The software maker will try to catch rivals with Windows Mobile 7, but first it may need to mend fences with handset makers.
When Microsoft (MSFT) last month unveiled its Windows Phone 7 Series operating system for mobile devices at an industry event in Barcelona, Spain, the company reeled in plaudits from reviewers and bloggers trolling the trade show for new and interesting products. “You haven’t used an interface like this before,” enthused Engadget. Gushed ZDNet: “Microsoft hit it out of the park.”
“I’m sorry Cupertino,” Gizmodo opined, referring to Apple’s headquarters, “but Microsoft has nailed it.”
Unfortunately for Microsoft, its triumphant announcement in Barcelona may also have had the unintended affect of annoying the cell-phone makers whose support Microsoft so desperately needs if it hopes to increase its presence in the important mobile-phone business. Why? By revealing its new operating system at least six months in advance of its availability—phones with Phone 7 Series will be available around the 2010 holiday season—Microsoft essentially told consumers to not bother buying phones with Windows Mobile 6.5, its current OS.
“Microsoft just took a gun and pointed it at the head of Windows 6.5 and said, ‘Don’t buy this’,” says Yankee Group analyst Carl D. Howe. “If I were HTC or one of their other handset customers, I’d be pretty mad.”
Indeed, according to a report in APC Mag, at least one HTC device running Windows 6.5, the HD2, will not be upgradable to the new Phone 7 Series system.
There also are rumblings that Microsoft and its handset partners are at odds over the way on-screen information is presented to consumers. Phone makers typically like to have a uniform feel or user interface across their entire line of products.”My information is that Microsoft wants to have control so the devices have a Microsoft look and feel to them,” says Pete Cunningham, a senior analyst at technology research firm Canalys. “That may challenge some of the relationships they have.”
Oh, and Microsoft plans to charge phone makers to license its mobile operating system. Google (GOOG) makes its Android mobile platform available for free.
Given its weak performance in mobile phones, Microsoft can’t really afford to irritate handset makers, which, along with the phone companies, can strongly influence consumer buying decisions. Device makers can make or break one of their phones depending on how much money they spend on marketing, and how they position the phone to consumers and business people.
Representatives for Microsoft weren’t available for comment.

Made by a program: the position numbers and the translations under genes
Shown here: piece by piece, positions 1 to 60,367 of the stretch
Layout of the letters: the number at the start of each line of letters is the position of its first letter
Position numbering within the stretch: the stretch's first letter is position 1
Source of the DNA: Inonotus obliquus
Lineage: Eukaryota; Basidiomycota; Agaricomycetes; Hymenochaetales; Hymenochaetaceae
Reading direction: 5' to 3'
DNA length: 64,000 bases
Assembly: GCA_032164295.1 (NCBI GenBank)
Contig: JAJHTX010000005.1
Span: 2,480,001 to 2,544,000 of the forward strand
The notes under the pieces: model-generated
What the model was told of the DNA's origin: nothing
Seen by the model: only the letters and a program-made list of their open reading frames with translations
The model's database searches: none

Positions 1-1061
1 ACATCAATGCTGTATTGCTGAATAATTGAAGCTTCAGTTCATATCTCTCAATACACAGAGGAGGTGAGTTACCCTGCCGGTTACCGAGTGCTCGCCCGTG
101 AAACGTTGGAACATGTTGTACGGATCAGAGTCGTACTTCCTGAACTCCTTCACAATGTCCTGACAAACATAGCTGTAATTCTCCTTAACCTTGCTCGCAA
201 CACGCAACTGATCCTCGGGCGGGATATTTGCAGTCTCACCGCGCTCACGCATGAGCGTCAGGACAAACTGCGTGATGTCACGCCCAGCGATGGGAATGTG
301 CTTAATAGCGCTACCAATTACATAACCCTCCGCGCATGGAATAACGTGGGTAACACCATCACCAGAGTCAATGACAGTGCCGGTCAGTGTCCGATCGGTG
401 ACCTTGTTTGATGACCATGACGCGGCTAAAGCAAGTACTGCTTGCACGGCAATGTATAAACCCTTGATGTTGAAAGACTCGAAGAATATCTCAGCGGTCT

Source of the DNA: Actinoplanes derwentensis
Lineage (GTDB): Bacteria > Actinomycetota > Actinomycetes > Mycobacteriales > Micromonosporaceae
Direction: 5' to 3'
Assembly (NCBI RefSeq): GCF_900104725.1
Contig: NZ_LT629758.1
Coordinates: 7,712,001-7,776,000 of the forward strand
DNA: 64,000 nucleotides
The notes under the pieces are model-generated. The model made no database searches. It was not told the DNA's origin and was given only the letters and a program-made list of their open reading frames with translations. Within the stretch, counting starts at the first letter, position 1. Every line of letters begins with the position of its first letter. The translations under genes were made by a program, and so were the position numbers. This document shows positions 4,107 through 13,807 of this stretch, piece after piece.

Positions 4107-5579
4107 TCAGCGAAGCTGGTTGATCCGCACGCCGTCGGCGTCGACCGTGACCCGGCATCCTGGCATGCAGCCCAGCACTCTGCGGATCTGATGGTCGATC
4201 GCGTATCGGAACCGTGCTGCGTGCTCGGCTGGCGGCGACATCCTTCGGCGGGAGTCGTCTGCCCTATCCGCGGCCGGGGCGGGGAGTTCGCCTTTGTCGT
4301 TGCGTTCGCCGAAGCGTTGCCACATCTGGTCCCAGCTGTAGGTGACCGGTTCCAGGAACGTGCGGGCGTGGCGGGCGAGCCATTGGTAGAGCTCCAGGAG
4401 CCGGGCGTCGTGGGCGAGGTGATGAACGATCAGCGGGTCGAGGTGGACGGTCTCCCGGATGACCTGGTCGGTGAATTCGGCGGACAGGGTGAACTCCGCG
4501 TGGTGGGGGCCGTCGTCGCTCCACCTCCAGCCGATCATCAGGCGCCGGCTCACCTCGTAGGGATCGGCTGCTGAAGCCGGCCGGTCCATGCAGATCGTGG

For Microsoft, the latest OS stumble has just added to its phone woes. Last year its operating systems was on about 9% of smart phones shipped worldwide, down from 14% market share just a year earlier, according to Canalys. Nokia’s (NOK) Symbian system was the leader in 2009, with about 47% of the market, followed by BlackBerry maker Research In Motion (RIMM) at 21% and Apple (AAPL) with 15%. Android had almost 5% of the market in 2009, up from less than 1% in 2008. Besides growing adoption among consumers, Apple, Google and RIM also benefit from robust developer communities that are building applications for their platforms.
Microsoft may have made its Phone 7 Series announcement so far in advance of the platform’s market launch, in part, to start attracting developers to its operating system. But Mark Lowenstein, managing director of consultancy Mobile Ecosystem, contends that Microsoft’s early look at the OS also gives the competition time to catch up and even surpass the features of the new Windows Mobile OS. “By the time they have commercial devices for Windows Mobile 7, we’ll likely have a new group of iPhones that include improved enterprise capabilities, and a RIM that will have an aggressive second half 2010 push,” he says. He also predicts Android’s share will continue to grow.
Analysts say the Phone 7 Series platform may be the software company’s last, best chance to get in the mobile game that has long eluded it. As computing has increasingly become more portable, moving from the desktop to the laptop to the netbook to the phone, it would seem Microsoft’s very future as a tech leader is at stake.
“The old saw in technology is that if you’re not one of the top two or three companies, it’s not clear you should be playing,” says Yankee’s Howe. “If they don’t succeed with this platform it is pretty much over.”